1891 Census Names Index
White's 1854
White's 1883 [GENUKI-NFK]
South Creake Archeology [Norfolk Heritage Explorer]
Arthur Mee's "The King's England" [John Powditch]
South Creake Archeology [Norfolk Heritage Explorer]
South Creake early postmill, Beck Street postmill, South Creake Common postmill and Compton Hall postmill [Jonathan Neville]
St. Mary's Church, South Creake by Frank Ives and Colin Cunliffe
More on South Creake [GENUKI-NFK]
More Parish Information[Geoff Lowe & Andrew Rivett]
and see North Creake
Return to villages index
Paddy's home page

Norfolk - South Creake

Kelly's Directory for Cambridgeshire, Norfolk & Suffolk, 1883, p. 270.

[Complete entry. Transcription Copyright © E.C."Paddy" Apling]

SOUTH CREAKE is a parish and village 4 miles south from Burnham Market railway station, 7 miles south-west from Wells and 21 from Lynn, in the Western division of the county, Brothercross hundred, Docking union, Little Walsingham county court district, Burnham rural deanery, Norfolk archdeaconry and diocese of Norwich; it is situated on the Fakenham road and on a small rivulet which rises here and falls into the sea at Burnham Overy Staith. The church of St. Mary the Virgin, situated on a slight eminence, is a large and ancient structure of flint with stone dressings, in the Perpendicular style, and consists of chancel, nave with clerestory, aisles, vestry, south porch and square western tower containing 5 bells: a few of the windows in the aisles, also of the clerestory, are partially filled with ancient stained glass: the seats are open benches: there is an oak rood screen, and a large and massive iron-bound chest, having five fastenings, and lined with cedar : the font is octagonal, the sculpture of which is good, but much disfigured. The register dates from the year 1538, and is in a good state of preservation. The living is a discharged vicarage, gross yearly value £440 5s. with residence, in the gift of the Marquis Townshend and held since 1877 by the Rev. Isaac Bowman M.A. Trinity College, Cambridge. The Congregational Chapel is a plain brick building, with a small burial-ground and residence for the minister adjoining. Isaac Lane, in 1675, left £100 for the purchase of land, the rent to be expended in the distribution of coals during the winter and 16 penny loaves every Lord's day; the present value of £40 yearly; the Sunday dole of bread is still continued; £15 a year is paid to the National school and the remainder in coals and other necessaries for such of the poor of the parish as are 60 years of age, and widows. Mrs. Elizabeth Pell, daughter of the aforesaid, left £100 for the purchase of land, the rent of which was to be expended in like manner: this land now lets for £15 a year. Mrs. Dorothy Woodhouse, by will, dated 1640, left 20s. to the minister in consideration of his preaching two sermons a year, and 30s. to the poor of the parish, the half to be paid the same days the sermons are preached; the present yearly value of this gift is about 20 guineas per annum; the 50s. is still paid for the two sermons and the dole of bread, the remainder is given to the National school fund. The town charity of 12 acres, lets for £12 a year, which is given to the National school. There is also a fuel allotment of 23 acres of land, the rent of which, £30 yearly, is expended in coals and distributed to the poor at Christmas. Present annual value of charities £126. About half a mile south-west from the church is a remarkable Saxon fortification, the road to which is called Bloodgate, from the tradition that a great slaughter took place here in a battle between the Saxons and Danes. The Marquis of Townshend is lord of the manor and impropriator. The principal landowners are the Marquis of Townshend, the Earl of Leicester and D. T. Belding esq. The soil is mixed, productive and well cultivated; subsoil, chalk and gravel. The chief crops are wheat, barley, turnips, mangold-wurtzel and seeds. The area is 4,075 acres; rateable value £5,944; the population in 1881 was 976.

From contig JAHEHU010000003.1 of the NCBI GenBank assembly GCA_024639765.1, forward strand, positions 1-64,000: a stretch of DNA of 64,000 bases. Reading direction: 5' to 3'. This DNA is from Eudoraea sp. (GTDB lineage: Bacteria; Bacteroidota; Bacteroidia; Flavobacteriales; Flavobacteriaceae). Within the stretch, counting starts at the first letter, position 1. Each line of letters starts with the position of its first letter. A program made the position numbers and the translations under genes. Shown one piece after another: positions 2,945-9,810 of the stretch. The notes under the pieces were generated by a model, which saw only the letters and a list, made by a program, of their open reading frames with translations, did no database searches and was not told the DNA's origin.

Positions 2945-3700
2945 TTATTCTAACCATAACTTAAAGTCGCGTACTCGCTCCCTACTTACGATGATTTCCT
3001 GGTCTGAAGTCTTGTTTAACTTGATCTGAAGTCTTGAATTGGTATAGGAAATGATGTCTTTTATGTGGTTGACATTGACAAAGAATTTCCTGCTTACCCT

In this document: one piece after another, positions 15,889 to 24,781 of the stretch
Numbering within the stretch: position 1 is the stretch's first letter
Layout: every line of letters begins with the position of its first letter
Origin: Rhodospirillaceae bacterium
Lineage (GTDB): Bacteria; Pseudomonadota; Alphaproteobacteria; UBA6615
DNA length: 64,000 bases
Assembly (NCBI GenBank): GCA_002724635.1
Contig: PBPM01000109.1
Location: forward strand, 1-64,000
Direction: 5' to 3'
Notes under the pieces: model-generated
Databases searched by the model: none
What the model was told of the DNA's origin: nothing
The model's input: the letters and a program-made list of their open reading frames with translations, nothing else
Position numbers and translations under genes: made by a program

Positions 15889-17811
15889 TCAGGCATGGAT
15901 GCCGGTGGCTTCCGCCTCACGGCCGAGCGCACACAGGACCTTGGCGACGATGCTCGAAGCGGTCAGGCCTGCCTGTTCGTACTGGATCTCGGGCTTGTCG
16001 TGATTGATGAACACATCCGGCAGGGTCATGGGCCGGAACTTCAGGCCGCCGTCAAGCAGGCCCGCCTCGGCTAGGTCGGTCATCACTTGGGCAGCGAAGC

Parish Clerk, Franklin Young

___________

POST & MONEY ORDER OFFICE & Savings Bank.-- Thomas Heyhoe Oliver, postmaster. Letters received through Fakenham at 8 a.m. and dispatched at 4.45 p.m. weekdays only. The telegraph office is at Burnham Market
National School (boys & girls), to hold 330 children; average attendance 165; Alban Harris, master.
CARRIER.-- Webster, from North Creake to Fakenham passes through daily, wednesdays excepted

© Transcribed by E.C.Apling, September 2004; links updated November 2010.

1891 Census Names Index
White's 1854
White's 1883 [GENUKI-NFK]
South Creake Archeology [Norfolk Heritage Explorer]
Arthur Mee's "The King's England" [John Powditch]
South Creake Archeology [Norfolk Heritage Explorer]
South Creake early postmill, Beck Street postmill, South Creake Common postmill and Compton Hall postmill [Jonathan Neville]
St. Mary's Church, South Creake by Frank Ives and Colin Cunliffe
More on South Creake [GENUKI-NFK]
More Parish Information[Geoff Lowe & Andrew Rivett]
and see North Creake
Return to villages index
Paddy's home page